The California Senate voted late on June 1 to create a single-payer health-care system that will cover every resident in the state with no money out of their pockets. But this “free” health care would be anything but. Its costs are going to be steep, painful, probably deadly – and might violate a key taxpayer protection in the State Constitution known as the Gann Limit.
Under the Healthy California Act (Senate Bill 562), the state would cover all medical expenses, even those incurred by illegal immigrants. There would be no premiums to keep current, no deductibles to meet before coverage starts, nor copays to contribute. All must participate, even those happy with their employer-provided health insurance or their private individual plans.
The cost? A mere $400 billion a year, according to a Senate Appropriations Committee estimate. For those who worry about such details, – which apparently excludes the 23 Democrats who voted for the bill – that’s more than three times the state’s proposed 2017-2018 $124 billion General Fund budget.
But maybe there’s nothing to worry about. A report funded by the California Nurses Association said single-payer will cost a mere $331 billion a year – only about 2.67 times the proposed state General Fund budget.
So what would we get for either $400 billion or $331 billion? Top-flight medical care that’s always available? Hardly. With more 40 million across the state – including an estimated 2.35 million illegal immigrants – placing demands on the system for “free” services, care will be rationed, wait times unbearable, and treatment and medical outcomes will suffer. Californians may have the privilege of paying a new 15 percent payroll tax to fund half the cost, if the Senate Appropriations Committee’s recommendations are adopted, with the rest coming from existing federal, state and local funds that would be redirected into the system.
Or maybe we’ll instead be mugged by a 2.3 percentage point increase in the state sales tax, along with a 2.3 percent gross receipts tax for businesses. This is how the California Nurses Association study plans to raise about $106 billion, with the remainder taken from federal and state sources.
It is the massive proposed state spending increases where the single payer proposal runs into trouble, even if it passes the Assembly and is signed by Governor Brown – both unlikely propositions.
The Gann Limit is the 1979 proposition approved by voters that imposes state and local government spending limits. The Senate Appropriations Committee says that “to successfully implement the bill” and fund it with the 15 percent payroll tax, “the voters would need to amend the State Constitution to either repeal the Gann Limit or exempt the taxes to fund the Program from the Gann Limit.”
Since support for the single-payer system drops from 65 percent to 42 percent if it requires a tax hike, according to the Public Policy Institute of California’s poll, it likely would be rejected at the ballot box.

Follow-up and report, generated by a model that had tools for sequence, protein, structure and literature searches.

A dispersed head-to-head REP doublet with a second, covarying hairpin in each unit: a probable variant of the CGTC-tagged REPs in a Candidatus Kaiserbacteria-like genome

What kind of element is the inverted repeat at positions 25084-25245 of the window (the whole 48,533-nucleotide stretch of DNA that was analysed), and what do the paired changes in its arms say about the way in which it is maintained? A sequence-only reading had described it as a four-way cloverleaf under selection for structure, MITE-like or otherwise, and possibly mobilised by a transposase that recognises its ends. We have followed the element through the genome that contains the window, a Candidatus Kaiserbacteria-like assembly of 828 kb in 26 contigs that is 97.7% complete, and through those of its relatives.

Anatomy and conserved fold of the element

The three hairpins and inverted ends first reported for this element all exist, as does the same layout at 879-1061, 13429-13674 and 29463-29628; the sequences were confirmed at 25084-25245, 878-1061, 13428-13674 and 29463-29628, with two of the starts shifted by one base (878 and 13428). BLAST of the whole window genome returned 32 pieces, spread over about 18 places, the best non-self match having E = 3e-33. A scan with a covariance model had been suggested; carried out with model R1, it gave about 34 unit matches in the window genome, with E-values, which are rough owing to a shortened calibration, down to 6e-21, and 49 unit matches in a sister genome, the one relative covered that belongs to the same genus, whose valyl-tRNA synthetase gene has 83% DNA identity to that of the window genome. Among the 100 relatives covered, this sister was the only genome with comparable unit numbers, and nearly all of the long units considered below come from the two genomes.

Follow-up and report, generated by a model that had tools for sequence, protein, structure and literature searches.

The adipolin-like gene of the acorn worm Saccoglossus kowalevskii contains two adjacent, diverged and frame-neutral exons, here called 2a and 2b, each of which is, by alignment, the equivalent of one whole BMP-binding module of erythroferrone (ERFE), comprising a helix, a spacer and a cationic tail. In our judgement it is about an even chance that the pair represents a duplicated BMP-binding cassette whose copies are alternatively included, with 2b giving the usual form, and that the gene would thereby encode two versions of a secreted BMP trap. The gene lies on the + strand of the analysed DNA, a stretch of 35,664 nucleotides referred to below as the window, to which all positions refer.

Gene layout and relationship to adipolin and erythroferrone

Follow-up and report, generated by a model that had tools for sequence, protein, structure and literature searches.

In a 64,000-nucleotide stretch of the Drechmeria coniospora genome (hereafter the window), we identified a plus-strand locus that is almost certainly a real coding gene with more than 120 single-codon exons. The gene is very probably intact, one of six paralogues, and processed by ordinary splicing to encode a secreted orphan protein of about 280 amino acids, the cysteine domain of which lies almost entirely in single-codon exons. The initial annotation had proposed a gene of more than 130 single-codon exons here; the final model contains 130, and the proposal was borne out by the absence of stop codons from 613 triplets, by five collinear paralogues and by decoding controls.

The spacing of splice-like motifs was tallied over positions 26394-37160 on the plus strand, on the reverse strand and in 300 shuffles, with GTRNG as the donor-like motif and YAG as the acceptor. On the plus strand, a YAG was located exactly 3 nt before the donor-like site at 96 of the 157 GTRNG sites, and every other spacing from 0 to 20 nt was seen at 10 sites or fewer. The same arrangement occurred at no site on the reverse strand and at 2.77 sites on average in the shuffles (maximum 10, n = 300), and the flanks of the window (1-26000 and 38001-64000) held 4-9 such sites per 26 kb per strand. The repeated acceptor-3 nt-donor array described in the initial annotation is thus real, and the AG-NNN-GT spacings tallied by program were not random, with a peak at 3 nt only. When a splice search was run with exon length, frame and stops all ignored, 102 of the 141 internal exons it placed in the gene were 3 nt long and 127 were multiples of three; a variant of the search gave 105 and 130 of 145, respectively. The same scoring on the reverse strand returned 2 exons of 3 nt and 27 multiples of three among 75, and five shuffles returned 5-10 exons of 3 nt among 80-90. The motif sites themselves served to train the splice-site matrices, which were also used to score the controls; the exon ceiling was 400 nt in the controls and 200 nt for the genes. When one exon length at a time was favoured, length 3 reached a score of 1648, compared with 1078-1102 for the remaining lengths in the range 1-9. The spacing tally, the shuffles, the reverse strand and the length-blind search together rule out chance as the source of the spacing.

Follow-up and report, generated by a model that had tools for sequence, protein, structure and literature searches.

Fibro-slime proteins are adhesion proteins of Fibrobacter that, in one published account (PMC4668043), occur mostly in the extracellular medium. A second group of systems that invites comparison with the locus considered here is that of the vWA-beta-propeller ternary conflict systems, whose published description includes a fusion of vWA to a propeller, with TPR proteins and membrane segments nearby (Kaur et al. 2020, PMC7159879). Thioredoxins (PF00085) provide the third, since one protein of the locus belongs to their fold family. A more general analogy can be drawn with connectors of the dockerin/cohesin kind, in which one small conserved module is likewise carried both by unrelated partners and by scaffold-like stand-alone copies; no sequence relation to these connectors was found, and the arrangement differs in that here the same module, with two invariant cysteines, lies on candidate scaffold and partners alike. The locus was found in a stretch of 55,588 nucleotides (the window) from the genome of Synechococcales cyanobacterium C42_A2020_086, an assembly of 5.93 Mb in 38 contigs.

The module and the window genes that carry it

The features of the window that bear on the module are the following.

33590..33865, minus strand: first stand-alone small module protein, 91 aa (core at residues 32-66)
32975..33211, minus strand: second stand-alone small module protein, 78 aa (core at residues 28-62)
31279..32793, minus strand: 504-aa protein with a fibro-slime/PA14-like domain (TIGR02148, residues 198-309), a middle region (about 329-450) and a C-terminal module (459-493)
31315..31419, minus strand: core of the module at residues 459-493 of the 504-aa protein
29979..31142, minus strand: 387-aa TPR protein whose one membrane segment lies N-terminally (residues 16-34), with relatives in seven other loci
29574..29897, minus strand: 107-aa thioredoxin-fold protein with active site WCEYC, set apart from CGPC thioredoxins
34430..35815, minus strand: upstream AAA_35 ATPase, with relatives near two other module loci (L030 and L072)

Californians may also be asked to suspend Proposition 98, which dedicates a portion of state tax revenue to fund education, to implement single-payer. Absent a voter-approved suspension, the Senate Appropriations Committee notes that half of the proposed new taxes for single-payer would go to education. Prop. 98 has become a sacred cow of state politics, and its suspension will be no easy task.
Californians are already overtaxed. Yet lawmakers are thinking about adding to the load just months after they passed a $52 billion tax hike for transportation. California has the highest marginal state income tax rate in the country at 13.3 percent and the highest state sales tax. For the fifth consecutive year, the Small Business and Entrepreneurship Council’s Small Business Tax Index ranked California dead last.
The collective crush of these tax burdens are factors in the exodus of those leaving California for better economic opportunities elsewhere. Creating an enormously expensive single-payer system will only produce more economic refugees, including the former employees of health care giant Kaiser Permanente, which has said that a single-payer system will put it out of business in California.
While the financial costs would be extreme, the human costs are likely to be worse. Pacific Research Institute President Sally Pipes recently noted that single-payer systems have allowed hundreds of veterans awaiting care in the US VA hospital system to die; caused a “humanitarian crisis” in Britain; and triggered a stream of Canadians leaving behind their “free” care to seek treatment in America.
During the national health care debate in the 1990s, P.J. O’Rourke somewhat famously said that “if you think health care is expensive now, wait until you see what it costs when it’s free.” It’s an insightful observation anyone can understand. Yet its simple logic is lost on the political majority in Sacramento that seems to determined to drive California into Blue State ruin.